If these proposals become law, many Medicaid applicants and their families will be severely affected. Some will find their financial situation and lifestyle significantly diminished, and others may find it difficult to pay for even basic living expenses. Many may to apply for food stamps, another program funded by the government.

What to do? Now, more than ever, people who need, or may need (even if they think they will never need it), long-term care should make it a top priority to consult a Long Island Elder Law attorney. Planning may need to be taken earlier than previously seemed necessary. As always, with proper planning, t will still be possible to improve your situation, even if these new measures find their way into law.

How to Pay for Nursing Home Care on Long Island

The cost of a Nursing Home in Long Island is generally $12,000 – $15,000 per month. This cost can deplete savings very quickly. As a result, proper planning is extremely important.

There are three ways to pay for a Nursing Home. First, one can use their savings. Clearly not a great plan – especially if your spouse must rely on that money to live. Second, one can purchase Long Term Care Insurance. Unfortunately, not many people can afford the premiums and the policies do not always cover the entire cost of care.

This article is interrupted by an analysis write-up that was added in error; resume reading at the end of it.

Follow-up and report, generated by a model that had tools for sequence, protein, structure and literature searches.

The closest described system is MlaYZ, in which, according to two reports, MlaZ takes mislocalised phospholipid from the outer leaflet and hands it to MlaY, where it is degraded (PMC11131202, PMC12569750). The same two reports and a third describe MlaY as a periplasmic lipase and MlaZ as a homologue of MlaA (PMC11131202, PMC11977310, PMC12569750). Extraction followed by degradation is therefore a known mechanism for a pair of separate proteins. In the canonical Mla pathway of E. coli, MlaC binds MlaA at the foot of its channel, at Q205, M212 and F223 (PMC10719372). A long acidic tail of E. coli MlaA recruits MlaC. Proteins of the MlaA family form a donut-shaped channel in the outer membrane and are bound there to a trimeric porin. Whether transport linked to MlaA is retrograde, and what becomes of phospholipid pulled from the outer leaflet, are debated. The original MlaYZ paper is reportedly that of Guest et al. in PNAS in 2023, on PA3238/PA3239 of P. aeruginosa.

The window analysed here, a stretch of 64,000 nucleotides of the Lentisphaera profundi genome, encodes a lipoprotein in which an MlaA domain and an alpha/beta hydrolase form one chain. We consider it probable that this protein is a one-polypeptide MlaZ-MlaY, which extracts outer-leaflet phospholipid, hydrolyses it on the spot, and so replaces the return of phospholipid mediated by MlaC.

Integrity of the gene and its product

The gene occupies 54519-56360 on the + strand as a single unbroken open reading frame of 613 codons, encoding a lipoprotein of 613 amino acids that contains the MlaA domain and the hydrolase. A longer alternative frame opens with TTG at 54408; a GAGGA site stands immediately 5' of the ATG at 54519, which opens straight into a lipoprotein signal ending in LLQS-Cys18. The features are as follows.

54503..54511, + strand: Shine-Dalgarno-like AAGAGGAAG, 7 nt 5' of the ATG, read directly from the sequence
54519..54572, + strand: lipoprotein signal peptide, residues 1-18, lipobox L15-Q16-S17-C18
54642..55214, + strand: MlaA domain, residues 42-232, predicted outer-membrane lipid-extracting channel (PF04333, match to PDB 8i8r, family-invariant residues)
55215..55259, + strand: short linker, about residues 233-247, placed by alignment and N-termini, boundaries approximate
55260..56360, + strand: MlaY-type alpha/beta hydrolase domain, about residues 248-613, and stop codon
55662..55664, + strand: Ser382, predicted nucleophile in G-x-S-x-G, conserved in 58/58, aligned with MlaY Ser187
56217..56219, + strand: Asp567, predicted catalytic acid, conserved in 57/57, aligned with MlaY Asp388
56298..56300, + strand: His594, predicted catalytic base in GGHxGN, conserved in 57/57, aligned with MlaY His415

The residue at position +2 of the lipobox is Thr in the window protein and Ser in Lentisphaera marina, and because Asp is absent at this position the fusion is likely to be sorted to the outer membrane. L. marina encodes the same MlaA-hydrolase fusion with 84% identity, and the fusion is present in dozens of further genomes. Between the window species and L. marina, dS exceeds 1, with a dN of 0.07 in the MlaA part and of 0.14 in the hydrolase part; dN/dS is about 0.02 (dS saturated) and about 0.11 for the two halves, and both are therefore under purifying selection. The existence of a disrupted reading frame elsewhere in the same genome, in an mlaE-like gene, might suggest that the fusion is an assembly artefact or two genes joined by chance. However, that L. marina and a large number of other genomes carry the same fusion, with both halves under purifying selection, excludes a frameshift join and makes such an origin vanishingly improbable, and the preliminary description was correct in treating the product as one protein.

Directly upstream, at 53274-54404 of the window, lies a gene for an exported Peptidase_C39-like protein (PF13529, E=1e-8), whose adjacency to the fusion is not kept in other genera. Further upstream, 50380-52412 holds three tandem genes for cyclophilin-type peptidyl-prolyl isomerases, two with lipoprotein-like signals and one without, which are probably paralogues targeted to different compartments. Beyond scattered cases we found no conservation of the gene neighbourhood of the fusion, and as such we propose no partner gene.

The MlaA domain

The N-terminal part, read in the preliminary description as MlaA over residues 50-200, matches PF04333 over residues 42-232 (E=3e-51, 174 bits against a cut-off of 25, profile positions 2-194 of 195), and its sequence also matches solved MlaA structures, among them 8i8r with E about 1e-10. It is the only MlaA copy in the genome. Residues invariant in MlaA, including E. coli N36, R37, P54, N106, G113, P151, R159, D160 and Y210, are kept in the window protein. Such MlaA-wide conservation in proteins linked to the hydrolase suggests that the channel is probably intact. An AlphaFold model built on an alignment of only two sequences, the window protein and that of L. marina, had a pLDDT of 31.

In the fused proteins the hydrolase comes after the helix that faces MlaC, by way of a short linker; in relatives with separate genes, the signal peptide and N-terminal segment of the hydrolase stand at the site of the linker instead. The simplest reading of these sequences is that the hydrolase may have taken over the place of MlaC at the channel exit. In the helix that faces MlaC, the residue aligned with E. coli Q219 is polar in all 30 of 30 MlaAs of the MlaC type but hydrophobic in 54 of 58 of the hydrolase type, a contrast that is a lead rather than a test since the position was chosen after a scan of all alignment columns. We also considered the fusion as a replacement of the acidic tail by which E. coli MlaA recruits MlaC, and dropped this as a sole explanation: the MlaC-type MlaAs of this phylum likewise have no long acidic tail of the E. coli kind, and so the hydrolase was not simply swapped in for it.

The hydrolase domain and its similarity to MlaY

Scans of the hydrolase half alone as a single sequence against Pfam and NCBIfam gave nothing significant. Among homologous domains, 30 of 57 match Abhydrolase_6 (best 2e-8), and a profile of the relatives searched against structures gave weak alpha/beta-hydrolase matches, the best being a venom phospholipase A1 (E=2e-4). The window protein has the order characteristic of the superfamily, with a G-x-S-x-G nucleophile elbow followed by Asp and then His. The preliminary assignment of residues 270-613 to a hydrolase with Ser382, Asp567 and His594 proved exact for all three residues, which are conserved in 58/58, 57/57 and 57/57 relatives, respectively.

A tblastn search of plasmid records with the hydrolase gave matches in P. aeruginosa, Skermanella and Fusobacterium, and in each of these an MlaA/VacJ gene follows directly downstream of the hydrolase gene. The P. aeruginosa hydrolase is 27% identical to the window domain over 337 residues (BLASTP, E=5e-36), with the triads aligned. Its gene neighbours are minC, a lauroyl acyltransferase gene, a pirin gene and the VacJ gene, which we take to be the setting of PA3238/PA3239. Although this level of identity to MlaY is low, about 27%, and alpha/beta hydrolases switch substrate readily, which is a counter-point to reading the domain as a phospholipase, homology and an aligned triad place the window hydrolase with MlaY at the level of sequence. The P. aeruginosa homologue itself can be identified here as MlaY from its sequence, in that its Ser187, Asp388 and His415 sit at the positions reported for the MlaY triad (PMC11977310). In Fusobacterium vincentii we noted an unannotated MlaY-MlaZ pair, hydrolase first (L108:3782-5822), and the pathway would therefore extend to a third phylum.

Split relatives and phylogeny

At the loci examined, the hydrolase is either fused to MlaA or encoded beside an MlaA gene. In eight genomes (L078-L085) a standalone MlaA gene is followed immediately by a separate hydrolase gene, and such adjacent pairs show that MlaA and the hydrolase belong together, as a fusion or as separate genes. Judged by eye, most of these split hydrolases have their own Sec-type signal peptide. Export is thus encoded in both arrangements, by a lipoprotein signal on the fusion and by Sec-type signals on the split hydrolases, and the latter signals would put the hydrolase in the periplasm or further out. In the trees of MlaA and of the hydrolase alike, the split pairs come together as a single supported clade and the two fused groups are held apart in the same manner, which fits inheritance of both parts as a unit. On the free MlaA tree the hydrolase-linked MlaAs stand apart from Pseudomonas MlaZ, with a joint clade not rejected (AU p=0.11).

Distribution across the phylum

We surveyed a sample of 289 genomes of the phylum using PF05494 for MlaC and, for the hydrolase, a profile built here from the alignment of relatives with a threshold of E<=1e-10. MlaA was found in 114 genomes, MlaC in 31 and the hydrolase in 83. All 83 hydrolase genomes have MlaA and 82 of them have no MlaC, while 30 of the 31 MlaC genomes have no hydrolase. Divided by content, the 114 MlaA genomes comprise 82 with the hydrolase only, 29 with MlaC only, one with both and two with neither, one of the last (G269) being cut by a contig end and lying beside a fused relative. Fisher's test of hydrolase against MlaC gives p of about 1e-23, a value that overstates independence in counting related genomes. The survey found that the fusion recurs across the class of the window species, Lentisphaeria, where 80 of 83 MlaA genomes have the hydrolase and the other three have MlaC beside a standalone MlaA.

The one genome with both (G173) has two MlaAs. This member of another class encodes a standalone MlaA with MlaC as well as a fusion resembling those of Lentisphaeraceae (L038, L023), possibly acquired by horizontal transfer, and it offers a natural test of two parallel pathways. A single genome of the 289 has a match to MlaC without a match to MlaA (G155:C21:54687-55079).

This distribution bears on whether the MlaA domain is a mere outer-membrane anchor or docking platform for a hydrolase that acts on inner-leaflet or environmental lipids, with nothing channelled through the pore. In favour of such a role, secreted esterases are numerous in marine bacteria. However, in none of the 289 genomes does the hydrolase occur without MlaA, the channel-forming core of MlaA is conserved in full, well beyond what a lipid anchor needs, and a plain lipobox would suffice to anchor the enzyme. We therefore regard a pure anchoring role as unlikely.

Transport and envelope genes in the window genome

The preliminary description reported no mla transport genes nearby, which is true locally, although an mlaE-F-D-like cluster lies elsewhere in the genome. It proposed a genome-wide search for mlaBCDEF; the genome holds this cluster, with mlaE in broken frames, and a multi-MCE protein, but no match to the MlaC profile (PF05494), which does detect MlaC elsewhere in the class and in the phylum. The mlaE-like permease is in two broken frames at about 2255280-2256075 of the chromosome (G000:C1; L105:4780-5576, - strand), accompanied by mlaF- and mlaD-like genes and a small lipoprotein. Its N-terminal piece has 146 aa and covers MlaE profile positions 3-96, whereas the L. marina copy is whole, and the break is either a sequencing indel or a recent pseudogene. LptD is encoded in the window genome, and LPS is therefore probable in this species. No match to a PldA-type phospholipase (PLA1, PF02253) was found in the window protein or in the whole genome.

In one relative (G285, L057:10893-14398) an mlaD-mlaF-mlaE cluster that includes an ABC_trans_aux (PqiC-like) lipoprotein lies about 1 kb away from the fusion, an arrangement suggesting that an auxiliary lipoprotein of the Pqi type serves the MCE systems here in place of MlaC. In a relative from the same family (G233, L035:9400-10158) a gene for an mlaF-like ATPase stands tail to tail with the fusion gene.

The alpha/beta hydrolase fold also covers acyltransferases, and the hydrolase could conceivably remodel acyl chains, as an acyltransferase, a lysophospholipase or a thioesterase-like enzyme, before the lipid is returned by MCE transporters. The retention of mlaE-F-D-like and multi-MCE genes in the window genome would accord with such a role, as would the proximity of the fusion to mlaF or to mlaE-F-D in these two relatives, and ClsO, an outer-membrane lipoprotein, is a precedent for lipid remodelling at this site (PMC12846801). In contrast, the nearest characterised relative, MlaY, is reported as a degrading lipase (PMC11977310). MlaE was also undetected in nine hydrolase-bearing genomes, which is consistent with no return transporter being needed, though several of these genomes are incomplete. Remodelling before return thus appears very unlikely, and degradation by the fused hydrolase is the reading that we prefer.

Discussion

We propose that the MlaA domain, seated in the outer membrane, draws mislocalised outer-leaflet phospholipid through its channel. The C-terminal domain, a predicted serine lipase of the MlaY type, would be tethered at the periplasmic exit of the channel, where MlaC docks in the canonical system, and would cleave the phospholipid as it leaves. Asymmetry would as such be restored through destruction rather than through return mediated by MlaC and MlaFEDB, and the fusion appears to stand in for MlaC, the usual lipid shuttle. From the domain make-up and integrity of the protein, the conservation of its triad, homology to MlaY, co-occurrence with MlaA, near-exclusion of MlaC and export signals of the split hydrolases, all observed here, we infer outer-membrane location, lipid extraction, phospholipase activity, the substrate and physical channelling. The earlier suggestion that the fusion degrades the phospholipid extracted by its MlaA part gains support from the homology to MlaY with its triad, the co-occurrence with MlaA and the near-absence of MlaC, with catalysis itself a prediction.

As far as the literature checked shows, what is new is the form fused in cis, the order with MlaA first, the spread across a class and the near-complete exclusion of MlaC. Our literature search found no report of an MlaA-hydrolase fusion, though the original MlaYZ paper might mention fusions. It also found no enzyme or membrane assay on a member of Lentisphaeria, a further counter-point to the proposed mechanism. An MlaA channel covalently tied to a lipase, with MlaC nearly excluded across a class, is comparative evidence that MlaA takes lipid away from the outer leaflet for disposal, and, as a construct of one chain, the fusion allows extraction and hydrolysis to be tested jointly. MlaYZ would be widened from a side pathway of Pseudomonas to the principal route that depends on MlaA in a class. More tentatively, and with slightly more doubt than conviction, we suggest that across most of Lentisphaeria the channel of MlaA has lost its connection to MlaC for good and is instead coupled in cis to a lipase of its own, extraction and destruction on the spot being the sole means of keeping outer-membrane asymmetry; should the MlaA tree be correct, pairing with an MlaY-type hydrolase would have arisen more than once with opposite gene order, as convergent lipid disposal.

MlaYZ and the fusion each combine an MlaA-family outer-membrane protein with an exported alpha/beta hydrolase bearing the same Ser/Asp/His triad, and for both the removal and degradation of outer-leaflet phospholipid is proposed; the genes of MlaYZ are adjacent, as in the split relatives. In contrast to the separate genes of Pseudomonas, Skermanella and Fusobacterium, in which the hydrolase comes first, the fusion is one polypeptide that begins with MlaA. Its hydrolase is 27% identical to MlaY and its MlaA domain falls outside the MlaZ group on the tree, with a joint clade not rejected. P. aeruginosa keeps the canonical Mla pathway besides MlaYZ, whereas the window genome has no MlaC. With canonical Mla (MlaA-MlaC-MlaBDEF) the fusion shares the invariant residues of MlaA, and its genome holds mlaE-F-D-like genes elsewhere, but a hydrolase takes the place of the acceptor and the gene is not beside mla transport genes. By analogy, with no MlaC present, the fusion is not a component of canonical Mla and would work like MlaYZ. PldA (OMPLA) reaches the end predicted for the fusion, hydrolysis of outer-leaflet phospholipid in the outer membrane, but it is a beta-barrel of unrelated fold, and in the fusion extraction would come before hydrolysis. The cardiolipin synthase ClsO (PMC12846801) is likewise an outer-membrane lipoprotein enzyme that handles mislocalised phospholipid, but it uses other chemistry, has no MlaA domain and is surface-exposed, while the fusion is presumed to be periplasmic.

The third way to pay for Nursing Home Care on Long Island is Medicaid. Medicaid is a federal program which is administered by the States. In 2006, the Deficit Reduction Act of 2005 (DRA) was passed, making it more difficult – NOT IMPOSSIBLE – to qualify for Medicaid benefits. There are two ways in which the DRA made qualifying for Medicaid more difficult.

First, it extended a look back period on assets transfers from 3 years to five years. This means that when applying for Institutional Medicaid to pay for the Nursing Home, the local Department of Social Services will review your bank statements for the previous five years. If you have transferred any assets to a non spouse, they will impose a penalty period, during which the resident of the Nursing Home is responsible for payment. At the conclusion of the penalty period, Medicaid will “pick up” the cost of care.